MA-Anthropology, MSc-Anthropology, PhD-Anthropology
Anthropology prides itself on its inclusive and interdisciplinary focus. It takes a holistic approach to human society, combining biological and social perspectives.
Kent has pioneered the social anthropological study of Europe, Latin America, Melanesia, and Central and Southeast Asia, the use of computers in anthropological research, and environmental anthropology in its widest sense (including ethnobiology and ethnobotany). It maintains an active research culture, with staff working in many different parts of the world.
Our regional expertise covers Western and Southeast Europe, Europe, the Middle East, Central South East and Southern, Central and South America, Amazonia, Papua New Guinea, East Timor and Polynesia. Specialisation in biological anthropology includes forensics and paleopathology, osteology, evolutionary psychology and the evolutionary ecology and behaviour of great apes.
Higher degrees in anthropology create opportunities in many employment sectors including academia, the civil service and non-governmental organisations through work in areas such as human rights, journalism, documentary film making, environmental conservation and international finance. An anthropology degree also develops interpersonal and intercultural skills, which make our graduates highly desirable in any profession that involves working with people from diverse backgrounds and cultures.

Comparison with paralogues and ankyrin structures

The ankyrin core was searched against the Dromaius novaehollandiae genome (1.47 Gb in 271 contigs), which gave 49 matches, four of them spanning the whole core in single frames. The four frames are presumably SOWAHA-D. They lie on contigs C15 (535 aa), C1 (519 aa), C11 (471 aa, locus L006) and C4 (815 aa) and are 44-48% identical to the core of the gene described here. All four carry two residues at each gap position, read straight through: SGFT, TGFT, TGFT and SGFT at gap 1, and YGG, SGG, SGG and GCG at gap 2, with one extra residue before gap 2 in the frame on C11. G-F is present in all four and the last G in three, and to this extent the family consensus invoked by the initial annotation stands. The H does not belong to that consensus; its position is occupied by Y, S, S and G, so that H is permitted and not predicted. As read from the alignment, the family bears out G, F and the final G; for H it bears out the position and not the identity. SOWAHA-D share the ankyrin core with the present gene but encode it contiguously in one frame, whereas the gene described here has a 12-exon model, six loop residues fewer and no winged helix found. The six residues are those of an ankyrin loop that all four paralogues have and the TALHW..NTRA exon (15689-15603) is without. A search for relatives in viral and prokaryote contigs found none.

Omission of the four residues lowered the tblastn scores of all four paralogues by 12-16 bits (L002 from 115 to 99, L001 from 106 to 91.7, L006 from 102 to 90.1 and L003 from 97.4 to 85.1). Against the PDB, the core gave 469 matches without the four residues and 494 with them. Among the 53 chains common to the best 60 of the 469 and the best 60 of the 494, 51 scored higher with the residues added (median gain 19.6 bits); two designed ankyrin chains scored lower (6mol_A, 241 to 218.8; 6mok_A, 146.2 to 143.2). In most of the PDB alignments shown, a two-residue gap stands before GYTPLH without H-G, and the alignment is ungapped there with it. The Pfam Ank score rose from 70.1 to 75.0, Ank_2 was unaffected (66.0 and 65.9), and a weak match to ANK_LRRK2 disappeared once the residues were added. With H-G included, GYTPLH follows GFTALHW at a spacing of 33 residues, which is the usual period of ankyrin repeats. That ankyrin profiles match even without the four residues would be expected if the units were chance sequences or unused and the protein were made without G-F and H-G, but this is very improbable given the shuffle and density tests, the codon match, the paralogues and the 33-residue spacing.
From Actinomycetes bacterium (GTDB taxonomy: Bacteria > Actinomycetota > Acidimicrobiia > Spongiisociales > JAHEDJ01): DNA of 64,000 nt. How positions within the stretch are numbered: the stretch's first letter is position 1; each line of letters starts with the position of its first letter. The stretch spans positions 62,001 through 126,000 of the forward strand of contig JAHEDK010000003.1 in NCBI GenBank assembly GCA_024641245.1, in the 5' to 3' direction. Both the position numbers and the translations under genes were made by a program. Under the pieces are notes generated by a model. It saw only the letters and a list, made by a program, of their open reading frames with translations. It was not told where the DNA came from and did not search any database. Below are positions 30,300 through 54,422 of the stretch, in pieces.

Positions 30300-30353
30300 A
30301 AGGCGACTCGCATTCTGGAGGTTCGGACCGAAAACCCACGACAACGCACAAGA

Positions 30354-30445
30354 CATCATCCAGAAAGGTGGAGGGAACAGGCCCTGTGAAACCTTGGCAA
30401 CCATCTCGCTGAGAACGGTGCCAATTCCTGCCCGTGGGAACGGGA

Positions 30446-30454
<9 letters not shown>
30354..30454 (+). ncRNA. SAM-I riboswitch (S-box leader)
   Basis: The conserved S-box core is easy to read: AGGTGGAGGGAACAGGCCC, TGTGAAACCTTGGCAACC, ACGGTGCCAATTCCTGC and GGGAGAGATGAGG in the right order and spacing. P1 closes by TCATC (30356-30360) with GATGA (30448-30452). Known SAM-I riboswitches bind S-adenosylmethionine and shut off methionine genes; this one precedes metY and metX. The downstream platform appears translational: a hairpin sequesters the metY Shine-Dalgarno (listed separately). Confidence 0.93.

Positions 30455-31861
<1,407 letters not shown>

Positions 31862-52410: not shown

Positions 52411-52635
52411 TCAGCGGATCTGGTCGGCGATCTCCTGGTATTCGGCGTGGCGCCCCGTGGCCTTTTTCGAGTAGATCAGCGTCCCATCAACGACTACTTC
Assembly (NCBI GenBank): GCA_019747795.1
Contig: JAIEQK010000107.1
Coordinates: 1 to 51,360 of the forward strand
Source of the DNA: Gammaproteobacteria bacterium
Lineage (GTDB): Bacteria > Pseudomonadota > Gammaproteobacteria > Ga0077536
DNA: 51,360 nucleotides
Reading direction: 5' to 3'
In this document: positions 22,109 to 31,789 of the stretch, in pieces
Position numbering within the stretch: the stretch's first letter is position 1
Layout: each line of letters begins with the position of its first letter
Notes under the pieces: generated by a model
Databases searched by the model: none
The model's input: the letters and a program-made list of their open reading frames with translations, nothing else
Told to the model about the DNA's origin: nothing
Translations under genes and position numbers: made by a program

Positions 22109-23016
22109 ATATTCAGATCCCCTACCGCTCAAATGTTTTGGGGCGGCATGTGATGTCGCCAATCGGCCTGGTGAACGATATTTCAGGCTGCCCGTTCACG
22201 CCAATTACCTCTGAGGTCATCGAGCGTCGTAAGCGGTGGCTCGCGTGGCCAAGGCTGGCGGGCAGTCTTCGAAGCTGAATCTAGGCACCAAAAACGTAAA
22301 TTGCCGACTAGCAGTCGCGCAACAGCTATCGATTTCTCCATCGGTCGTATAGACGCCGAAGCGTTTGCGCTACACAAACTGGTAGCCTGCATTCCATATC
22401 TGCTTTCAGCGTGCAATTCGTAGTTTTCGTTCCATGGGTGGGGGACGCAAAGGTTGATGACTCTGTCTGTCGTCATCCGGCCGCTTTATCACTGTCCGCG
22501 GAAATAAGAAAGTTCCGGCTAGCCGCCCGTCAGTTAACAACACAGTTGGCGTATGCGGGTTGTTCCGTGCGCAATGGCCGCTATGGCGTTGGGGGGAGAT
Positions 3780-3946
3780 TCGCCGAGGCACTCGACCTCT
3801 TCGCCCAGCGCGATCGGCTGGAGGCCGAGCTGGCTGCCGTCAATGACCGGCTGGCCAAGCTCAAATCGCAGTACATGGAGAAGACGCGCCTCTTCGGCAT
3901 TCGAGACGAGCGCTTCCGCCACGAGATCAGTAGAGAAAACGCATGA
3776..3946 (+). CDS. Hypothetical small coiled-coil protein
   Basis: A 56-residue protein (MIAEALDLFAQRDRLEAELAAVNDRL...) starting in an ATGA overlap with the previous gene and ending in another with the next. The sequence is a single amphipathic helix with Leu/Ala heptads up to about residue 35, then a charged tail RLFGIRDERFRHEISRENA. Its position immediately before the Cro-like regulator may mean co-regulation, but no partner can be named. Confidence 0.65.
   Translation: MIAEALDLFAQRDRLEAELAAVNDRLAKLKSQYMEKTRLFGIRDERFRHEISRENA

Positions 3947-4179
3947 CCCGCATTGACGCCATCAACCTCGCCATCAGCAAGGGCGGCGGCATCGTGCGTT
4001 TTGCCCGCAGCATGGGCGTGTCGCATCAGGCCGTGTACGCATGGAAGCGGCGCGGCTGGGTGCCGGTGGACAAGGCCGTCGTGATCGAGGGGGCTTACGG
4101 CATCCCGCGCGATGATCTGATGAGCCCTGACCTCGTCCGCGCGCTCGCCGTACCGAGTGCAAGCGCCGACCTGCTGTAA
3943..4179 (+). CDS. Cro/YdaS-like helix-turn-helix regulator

The following Master’s programmes are recognised by the Economic and Social Research Council (ESRC) as having research training status, so successful completion of these courses is sufficient preparation for research in the various fields of social anthropology. Many of our students go on to do PhD research. Others use their Master’s qualification in employment ranging from research in government departments to teaching to consultancy work overseas.
We welcome students with the appropriate background for research. If you wish to study for a single year, you can do the MA or MSc by research, a 12-month independent research project.
The first year may include coursework, especially methods modules for students who need this additional training. In general, you work closely with one supervisor throughout your research, although you have a committee of three (including your primary supervisor) overseeing your progress. If you want to research in the area of applied computing in social anthropology, you would also have a supervisor based in the School of Computing.
Facts & Figures
Financial Aid: Yes
International Financial Aid: Yes
In State Tuition (per year): 4950 GBP
Out State Tuition (per year): 12030 GBP